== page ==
It is a modern myth that a parent who has sole legal and physical custody of a child has all parental rights and the “noncustodial” parent has no parental rights. Wrong answer. For Utah policy on parent-time, see

Under Utah law, the minimum “parent-time” (no longer called visitation, because a noncustodial parent doesn’t just visit their child/ren, but parents them during the time they spend with the noncustodial parent), provides (generally) for the noncustodial parent-time to be every other weekend, every other holiday, 1/2 the winter vacationbreak and 4 weeks in the summer.

In Utah, for children 5 and older, see

In Utah, for children younger than 5, see In Utah, for parents who live further than moving 150 miles or more from the residence specified in the Utah court’s decree, see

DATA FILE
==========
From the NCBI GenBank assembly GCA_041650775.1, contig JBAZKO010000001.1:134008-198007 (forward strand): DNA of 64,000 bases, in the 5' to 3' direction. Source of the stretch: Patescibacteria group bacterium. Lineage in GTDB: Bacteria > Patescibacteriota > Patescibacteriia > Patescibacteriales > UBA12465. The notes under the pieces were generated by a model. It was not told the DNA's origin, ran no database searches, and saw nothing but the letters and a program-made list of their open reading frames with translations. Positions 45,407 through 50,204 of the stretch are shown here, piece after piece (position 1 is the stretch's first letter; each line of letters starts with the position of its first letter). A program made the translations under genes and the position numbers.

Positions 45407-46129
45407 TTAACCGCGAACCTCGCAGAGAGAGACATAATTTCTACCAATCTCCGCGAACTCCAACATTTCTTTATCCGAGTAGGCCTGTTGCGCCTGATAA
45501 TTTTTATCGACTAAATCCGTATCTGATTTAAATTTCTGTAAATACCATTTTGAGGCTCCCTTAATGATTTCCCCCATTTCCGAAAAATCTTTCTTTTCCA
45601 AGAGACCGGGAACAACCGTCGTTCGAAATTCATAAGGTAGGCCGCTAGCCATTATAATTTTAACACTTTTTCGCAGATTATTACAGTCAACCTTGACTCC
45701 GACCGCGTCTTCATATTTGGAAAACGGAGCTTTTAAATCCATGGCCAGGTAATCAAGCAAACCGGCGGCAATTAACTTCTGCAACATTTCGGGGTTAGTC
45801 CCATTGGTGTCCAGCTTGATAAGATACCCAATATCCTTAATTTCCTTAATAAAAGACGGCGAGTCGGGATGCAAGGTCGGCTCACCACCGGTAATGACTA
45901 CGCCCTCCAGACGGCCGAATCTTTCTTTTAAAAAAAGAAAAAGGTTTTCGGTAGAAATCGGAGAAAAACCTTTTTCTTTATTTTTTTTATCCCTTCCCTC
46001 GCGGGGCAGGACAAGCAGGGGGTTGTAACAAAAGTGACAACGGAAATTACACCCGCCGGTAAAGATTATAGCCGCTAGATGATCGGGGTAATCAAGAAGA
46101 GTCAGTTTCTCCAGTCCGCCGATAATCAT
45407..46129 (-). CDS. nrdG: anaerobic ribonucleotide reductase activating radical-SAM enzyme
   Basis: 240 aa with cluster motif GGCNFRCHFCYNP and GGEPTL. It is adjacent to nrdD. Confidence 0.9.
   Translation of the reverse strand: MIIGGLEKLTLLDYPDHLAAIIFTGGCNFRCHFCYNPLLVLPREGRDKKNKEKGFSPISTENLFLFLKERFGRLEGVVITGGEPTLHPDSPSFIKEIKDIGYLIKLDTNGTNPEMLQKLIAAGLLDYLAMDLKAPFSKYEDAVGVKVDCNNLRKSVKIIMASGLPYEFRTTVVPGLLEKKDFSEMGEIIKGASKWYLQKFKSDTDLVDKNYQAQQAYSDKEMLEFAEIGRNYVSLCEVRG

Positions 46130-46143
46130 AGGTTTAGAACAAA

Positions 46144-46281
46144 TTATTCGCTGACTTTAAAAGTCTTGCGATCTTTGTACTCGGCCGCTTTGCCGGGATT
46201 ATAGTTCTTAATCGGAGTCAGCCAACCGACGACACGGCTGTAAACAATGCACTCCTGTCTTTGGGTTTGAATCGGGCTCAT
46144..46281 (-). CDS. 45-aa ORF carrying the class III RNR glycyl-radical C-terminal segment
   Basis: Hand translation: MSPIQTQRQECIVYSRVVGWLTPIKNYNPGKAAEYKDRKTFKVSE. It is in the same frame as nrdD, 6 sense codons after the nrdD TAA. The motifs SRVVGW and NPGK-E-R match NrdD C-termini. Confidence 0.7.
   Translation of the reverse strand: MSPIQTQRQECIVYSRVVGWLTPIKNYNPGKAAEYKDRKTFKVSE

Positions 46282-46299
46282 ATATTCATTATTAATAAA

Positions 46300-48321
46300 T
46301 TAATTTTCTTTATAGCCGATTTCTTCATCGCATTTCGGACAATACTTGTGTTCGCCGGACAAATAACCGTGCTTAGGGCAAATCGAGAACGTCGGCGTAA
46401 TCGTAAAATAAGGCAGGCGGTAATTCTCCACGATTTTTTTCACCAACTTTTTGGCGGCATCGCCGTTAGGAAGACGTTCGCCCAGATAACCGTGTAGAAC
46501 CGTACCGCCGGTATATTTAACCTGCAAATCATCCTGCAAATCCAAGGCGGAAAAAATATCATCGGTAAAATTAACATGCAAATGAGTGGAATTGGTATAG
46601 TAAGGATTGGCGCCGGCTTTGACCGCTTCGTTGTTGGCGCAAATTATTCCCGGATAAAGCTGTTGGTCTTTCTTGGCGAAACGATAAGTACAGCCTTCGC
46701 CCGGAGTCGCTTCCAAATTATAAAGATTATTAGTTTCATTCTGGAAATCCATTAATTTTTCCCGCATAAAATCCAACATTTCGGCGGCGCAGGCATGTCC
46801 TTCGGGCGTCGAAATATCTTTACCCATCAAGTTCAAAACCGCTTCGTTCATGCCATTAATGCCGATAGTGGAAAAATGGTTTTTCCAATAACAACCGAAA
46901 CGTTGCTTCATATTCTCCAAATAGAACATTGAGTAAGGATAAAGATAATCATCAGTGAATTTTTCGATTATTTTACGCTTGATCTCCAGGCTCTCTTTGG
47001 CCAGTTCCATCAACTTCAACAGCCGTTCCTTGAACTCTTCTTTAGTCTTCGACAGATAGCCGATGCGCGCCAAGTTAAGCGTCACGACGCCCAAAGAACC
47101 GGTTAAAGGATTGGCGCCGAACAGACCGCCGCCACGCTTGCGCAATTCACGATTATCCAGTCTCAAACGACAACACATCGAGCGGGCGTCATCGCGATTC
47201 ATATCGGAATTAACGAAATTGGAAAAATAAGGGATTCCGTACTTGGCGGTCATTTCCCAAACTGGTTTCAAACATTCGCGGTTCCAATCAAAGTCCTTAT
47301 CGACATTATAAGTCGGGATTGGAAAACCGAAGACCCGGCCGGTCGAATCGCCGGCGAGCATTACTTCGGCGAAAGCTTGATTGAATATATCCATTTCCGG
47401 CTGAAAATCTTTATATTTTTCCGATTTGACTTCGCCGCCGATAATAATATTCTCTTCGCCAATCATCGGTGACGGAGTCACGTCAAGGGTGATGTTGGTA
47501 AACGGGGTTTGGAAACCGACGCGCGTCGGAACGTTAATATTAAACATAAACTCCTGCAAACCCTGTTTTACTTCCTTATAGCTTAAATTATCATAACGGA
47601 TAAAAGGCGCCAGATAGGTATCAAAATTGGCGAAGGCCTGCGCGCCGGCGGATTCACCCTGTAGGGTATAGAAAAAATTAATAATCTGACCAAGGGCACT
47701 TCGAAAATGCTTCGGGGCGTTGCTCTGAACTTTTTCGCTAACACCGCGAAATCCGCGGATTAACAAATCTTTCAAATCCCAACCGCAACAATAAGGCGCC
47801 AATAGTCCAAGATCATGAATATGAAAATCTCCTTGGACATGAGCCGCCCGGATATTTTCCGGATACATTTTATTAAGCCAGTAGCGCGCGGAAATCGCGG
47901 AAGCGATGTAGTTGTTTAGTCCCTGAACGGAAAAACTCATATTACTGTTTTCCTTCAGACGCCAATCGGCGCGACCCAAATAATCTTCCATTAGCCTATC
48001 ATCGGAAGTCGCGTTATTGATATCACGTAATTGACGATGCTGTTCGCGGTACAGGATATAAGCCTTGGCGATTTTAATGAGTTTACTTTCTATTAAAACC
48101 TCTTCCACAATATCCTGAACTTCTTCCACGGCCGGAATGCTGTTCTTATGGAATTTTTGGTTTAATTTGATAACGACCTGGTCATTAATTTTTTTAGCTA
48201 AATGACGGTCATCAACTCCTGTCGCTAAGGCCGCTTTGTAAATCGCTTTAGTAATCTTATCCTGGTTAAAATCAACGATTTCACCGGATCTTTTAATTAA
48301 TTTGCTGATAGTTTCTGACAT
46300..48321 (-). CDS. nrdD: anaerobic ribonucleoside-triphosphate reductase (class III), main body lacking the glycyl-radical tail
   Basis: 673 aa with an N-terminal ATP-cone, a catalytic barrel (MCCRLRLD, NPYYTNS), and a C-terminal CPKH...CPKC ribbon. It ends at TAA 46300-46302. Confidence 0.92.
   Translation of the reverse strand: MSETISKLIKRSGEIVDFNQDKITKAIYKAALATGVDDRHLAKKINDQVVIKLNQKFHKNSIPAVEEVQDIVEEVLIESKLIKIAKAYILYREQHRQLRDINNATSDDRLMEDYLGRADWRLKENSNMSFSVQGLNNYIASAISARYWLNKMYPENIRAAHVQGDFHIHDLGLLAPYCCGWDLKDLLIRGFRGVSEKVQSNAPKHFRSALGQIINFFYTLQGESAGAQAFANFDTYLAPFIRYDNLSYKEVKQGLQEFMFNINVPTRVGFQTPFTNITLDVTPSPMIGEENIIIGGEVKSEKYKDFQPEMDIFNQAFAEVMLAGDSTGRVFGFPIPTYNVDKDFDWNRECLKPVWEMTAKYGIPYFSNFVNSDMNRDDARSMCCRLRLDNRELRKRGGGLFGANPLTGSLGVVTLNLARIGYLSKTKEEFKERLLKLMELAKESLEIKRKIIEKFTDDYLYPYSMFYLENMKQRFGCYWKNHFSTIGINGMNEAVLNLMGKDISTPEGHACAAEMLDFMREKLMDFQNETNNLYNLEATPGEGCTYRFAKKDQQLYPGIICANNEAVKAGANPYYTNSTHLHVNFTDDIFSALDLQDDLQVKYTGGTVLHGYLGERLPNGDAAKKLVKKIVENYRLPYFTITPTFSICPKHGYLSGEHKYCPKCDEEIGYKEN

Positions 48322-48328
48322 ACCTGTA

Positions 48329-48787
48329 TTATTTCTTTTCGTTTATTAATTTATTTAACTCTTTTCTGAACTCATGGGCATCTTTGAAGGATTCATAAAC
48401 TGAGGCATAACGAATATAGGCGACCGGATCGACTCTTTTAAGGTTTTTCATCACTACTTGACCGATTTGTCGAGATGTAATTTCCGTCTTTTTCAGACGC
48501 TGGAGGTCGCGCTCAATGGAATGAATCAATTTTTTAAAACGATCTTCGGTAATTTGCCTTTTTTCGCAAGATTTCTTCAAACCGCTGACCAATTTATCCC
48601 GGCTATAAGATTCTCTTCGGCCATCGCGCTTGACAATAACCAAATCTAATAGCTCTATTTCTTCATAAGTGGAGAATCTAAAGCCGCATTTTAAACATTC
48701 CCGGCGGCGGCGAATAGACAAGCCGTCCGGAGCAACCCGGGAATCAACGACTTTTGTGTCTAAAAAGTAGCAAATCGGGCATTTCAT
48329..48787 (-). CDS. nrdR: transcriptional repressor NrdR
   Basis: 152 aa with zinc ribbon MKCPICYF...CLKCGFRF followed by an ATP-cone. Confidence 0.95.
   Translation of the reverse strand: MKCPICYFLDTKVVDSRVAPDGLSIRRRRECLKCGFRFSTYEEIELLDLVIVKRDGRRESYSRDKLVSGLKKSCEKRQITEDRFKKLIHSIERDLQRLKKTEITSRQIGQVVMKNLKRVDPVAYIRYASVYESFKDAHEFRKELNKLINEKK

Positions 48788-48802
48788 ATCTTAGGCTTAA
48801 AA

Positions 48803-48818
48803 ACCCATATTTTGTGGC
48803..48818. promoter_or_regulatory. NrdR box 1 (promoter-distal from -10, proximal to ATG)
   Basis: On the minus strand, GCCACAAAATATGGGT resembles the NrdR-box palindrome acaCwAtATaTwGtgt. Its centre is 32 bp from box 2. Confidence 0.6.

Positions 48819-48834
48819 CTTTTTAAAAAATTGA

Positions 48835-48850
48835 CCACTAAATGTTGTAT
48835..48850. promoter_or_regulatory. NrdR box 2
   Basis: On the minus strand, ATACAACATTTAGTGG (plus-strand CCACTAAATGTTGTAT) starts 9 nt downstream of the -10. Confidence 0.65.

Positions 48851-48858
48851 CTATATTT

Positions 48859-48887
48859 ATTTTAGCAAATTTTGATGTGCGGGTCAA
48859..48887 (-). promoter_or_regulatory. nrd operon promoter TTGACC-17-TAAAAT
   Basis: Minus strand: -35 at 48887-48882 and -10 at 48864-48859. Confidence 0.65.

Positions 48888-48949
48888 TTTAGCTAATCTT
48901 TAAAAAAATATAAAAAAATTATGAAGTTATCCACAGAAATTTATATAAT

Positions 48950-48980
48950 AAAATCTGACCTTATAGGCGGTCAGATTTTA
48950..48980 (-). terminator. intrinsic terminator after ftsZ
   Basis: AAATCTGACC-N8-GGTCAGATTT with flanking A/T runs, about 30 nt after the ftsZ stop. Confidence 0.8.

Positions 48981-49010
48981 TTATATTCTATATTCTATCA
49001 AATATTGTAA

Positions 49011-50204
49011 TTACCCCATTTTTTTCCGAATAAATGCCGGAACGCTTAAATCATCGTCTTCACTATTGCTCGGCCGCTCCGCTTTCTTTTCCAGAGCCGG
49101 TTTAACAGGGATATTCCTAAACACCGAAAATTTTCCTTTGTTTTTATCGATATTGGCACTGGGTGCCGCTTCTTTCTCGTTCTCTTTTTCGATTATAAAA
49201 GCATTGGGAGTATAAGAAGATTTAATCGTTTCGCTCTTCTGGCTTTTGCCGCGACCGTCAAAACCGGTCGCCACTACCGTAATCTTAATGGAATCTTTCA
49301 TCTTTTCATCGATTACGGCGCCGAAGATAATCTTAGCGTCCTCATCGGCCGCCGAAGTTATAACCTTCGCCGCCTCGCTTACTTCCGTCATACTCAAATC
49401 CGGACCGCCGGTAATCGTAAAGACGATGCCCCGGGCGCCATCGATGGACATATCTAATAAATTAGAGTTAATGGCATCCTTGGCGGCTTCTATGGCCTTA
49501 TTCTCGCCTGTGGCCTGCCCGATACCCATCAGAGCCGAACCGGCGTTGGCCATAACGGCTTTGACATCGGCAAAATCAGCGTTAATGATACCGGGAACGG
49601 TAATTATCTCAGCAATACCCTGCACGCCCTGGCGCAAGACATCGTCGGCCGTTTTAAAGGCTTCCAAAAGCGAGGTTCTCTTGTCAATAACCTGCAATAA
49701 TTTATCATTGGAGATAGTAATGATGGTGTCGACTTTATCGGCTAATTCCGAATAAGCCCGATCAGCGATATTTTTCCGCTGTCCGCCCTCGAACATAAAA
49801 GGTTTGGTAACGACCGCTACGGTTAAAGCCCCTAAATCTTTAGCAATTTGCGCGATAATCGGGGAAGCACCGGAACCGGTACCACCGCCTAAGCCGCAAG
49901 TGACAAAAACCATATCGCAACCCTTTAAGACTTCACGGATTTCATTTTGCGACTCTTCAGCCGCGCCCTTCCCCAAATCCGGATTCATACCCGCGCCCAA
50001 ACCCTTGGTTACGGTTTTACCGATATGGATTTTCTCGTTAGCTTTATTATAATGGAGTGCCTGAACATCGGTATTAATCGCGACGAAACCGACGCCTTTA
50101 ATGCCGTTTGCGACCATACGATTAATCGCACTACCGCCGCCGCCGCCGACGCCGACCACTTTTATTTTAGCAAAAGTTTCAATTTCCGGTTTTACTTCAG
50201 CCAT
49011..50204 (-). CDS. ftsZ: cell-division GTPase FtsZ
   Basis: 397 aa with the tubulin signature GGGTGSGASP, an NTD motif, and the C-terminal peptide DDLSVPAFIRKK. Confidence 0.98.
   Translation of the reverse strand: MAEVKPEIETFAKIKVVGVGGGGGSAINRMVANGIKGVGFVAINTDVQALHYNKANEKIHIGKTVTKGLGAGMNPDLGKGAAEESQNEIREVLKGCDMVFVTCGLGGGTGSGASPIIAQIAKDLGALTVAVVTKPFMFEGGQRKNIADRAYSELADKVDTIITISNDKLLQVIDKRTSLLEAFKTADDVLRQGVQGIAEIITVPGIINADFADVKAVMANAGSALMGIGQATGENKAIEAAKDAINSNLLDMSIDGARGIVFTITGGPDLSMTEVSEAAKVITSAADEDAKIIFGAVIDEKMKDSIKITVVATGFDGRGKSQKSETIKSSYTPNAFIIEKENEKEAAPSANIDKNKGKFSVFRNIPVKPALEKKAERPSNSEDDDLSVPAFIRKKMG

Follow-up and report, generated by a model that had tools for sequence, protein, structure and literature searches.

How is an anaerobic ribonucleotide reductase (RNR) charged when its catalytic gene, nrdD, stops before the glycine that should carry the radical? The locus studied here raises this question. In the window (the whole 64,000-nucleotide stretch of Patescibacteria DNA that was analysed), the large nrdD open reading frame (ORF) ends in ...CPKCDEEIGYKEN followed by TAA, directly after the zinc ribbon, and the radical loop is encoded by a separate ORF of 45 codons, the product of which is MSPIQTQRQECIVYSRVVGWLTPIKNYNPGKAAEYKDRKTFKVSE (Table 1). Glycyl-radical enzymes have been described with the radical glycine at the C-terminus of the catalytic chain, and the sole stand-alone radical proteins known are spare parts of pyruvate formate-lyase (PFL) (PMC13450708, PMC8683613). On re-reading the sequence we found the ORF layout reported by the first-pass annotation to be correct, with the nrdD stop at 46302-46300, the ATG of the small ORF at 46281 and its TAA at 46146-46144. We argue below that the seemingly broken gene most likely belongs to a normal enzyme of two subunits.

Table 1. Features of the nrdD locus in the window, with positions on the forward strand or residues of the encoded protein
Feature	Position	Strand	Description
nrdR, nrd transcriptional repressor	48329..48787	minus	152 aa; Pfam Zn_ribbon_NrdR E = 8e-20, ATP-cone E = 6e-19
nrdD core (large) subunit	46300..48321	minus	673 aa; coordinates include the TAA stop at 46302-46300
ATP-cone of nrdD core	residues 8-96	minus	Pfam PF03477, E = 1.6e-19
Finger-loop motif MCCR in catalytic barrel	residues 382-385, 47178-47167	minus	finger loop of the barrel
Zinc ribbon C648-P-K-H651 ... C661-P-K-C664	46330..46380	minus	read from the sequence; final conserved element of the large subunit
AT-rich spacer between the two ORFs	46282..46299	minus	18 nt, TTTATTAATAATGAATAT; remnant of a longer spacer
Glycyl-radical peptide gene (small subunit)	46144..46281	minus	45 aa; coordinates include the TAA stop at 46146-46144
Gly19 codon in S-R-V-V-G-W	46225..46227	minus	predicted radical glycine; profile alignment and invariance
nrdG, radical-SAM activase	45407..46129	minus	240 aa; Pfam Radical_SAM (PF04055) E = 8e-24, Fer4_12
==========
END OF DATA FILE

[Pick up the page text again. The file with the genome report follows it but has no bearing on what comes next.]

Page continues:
For Utah advisory guidelines suggested to govern all parent-time arrangements between parents (which are often adopted as the law of the case in divorce decrees and are no longer “advisory” but required), see

“When parent-time has not taken place for an extended period of time and the child lacks an appropriate bond with the noncustodial parent,” there may be a basis in the law for a gradual reintroduction rather than just jumping into a normal parent-time visitation schedule. How to proceed in these situations would best be determined by counseling with a lawyer experienced in these kinds of family law matters.

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